What I can do is learn from their leadership lessons and figure out how to apply it to my own leadership journey. Do I like to make connections between ideas? Then I’d better read a lot and see what other smart people have to say, to learn what ideas are out there and how they apply to my life. Do I admire someone’s writing ability? Then I should take her advice and practice writing – a lot. Do I admire how someone shows up in the world? Then I should evaluate my own choices and behaviors to see if they reflect those values.

Being an authentic leader is something we each have to do on our own, but there are many teachers along the way.

Who do you want to be when you grow up?

Dee Anne Bonebright


Don’t lose control

“It is wisdom to know others. It is enlightenment to know one’s self.” 


Anita highlighted Kevin Cashman’s first touchstone of authentic leadership – Know Ourselves Authentically  – in her post last week.* We must understand what is important to ourselves and how that influences our behavior in order to become a truly authentic leader.

When I am at my best it is pretty easy to look inward, examine my values and priorities, and make choices that support them. It gets much harder to do that when my buttons are being pushed in a conflict or when I disagree with someone. Conflict often causes us to lose control and react  in a way that doesn’t support our values. I’m not even sure I want to know myself then! Yet, these are the times that we can truly demonstrate our ability to stay authentic and make choices aligned with our values.

The five “styles” of resolving conflict identified by Thomas-Kilmann Conflict Modes Instrument, TKI, can help leaders better understand their immediate reactions when in conflict and use that awareness to stay in control of their reactions. We use this instrument in our leadership development programs at MnSCU. No style is better; we need to be able to use all of them. Having the ability to flex between styles can help us express ourselves authentically.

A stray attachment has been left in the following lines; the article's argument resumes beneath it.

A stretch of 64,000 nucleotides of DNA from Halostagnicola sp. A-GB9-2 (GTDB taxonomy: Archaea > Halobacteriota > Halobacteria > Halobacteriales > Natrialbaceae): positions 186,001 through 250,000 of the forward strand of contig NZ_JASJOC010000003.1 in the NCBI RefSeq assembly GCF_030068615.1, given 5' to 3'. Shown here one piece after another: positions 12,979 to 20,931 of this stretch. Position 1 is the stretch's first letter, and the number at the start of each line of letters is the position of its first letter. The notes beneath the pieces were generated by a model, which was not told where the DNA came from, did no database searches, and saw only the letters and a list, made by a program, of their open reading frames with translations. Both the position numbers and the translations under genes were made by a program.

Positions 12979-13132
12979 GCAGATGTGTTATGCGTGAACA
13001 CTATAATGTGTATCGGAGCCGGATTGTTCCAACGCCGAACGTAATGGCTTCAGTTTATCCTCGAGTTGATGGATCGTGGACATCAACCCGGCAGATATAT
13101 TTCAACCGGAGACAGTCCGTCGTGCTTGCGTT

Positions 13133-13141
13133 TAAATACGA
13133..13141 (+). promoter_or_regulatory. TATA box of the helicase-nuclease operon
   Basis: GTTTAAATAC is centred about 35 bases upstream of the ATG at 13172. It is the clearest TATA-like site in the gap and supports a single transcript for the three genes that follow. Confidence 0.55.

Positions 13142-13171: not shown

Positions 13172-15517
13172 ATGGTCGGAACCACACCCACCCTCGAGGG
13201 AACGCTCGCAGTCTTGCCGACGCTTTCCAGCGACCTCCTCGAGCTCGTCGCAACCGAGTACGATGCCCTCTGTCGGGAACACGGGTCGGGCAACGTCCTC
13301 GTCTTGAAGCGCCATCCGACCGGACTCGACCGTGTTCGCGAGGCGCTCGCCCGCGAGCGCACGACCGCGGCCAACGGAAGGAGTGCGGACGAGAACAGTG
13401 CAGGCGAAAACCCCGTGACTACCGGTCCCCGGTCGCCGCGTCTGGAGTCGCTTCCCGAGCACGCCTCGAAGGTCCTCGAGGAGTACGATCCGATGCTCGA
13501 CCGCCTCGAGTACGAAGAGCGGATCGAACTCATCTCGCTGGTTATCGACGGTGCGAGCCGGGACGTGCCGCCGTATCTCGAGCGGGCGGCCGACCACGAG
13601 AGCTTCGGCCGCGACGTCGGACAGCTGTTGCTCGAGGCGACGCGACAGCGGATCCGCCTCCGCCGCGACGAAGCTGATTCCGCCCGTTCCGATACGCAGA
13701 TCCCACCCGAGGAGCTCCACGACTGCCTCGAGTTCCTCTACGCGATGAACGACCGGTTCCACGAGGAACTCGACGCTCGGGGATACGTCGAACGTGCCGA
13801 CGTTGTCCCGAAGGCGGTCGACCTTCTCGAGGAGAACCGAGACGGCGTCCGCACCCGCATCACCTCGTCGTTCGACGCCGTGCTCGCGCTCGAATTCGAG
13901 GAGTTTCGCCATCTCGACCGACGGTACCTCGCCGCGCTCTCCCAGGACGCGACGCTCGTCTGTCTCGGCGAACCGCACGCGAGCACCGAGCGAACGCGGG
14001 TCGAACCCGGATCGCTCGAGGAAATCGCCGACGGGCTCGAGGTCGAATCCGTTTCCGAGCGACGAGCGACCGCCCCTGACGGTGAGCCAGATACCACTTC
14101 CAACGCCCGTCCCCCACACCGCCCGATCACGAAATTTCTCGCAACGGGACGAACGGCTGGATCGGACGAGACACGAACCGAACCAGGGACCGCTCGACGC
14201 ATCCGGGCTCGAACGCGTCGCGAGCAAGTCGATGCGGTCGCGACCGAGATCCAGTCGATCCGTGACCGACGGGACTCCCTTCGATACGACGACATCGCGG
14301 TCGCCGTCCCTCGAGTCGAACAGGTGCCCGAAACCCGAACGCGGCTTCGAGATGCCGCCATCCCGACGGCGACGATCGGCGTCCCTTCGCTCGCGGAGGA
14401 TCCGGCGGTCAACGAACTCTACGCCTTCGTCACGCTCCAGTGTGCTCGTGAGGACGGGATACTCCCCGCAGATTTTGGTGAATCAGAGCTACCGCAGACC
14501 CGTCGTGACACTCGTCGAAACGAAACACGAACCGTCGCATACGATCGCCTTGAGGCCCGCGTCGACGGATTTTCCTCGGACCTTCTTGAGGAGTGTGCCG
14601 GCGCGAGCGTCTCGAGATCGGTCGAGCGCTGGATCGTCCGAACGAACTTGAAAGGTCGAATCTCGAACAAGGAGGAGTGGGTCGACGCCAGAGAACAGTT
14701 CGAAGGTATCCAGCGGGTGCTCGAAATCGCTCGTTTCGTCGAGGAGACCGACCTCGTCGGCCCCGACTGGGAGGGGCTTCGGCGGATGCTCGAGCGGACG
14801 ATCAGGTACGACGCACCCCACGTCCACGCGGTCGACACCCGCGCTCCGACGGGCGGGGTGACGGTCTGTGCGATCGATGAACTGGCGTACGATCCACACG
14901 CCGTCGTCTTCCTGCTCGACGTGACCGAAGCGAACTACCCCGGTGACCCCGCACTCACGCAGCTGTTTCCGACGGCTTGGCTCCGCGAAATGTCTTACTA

The five styles represent the unique value each of us place on our own point of view in a conflict and the value we place on preserving the relationship with the other person. While taking the actual assessment is best, asking yourself which style describes your default reaction in conflict can help you better understand yourself.

TKImodelTKI Modes of Conflict**

  1. Competing – Attempt to win the conflict. High value on own point of view, low value on preserving the relationship.
  2. Collaborating – Attempt to work together during conflict. High value on own point of view, high value on preserving the relationship.
  3. Compromising – Attempt to negotiate the conflict. Mid value on own point of view, mid value on preserving the relationship.
  4. Avoiding – Attempt to deflect or sidestep the conflict. Low value on own point of view, low value on preserving the relationship.
  5. Accommodating – Attempt to yield or concur during conflict. Low value on own point of view, high value on preserving the relationship.

Pausing and reflecting on how we lead during conflict can be challenging but the insight will be a powerful part of your authentic leadership journey,

Todd Thorsgaard

* How do you show up in the world?

** Kilmann Diagnostics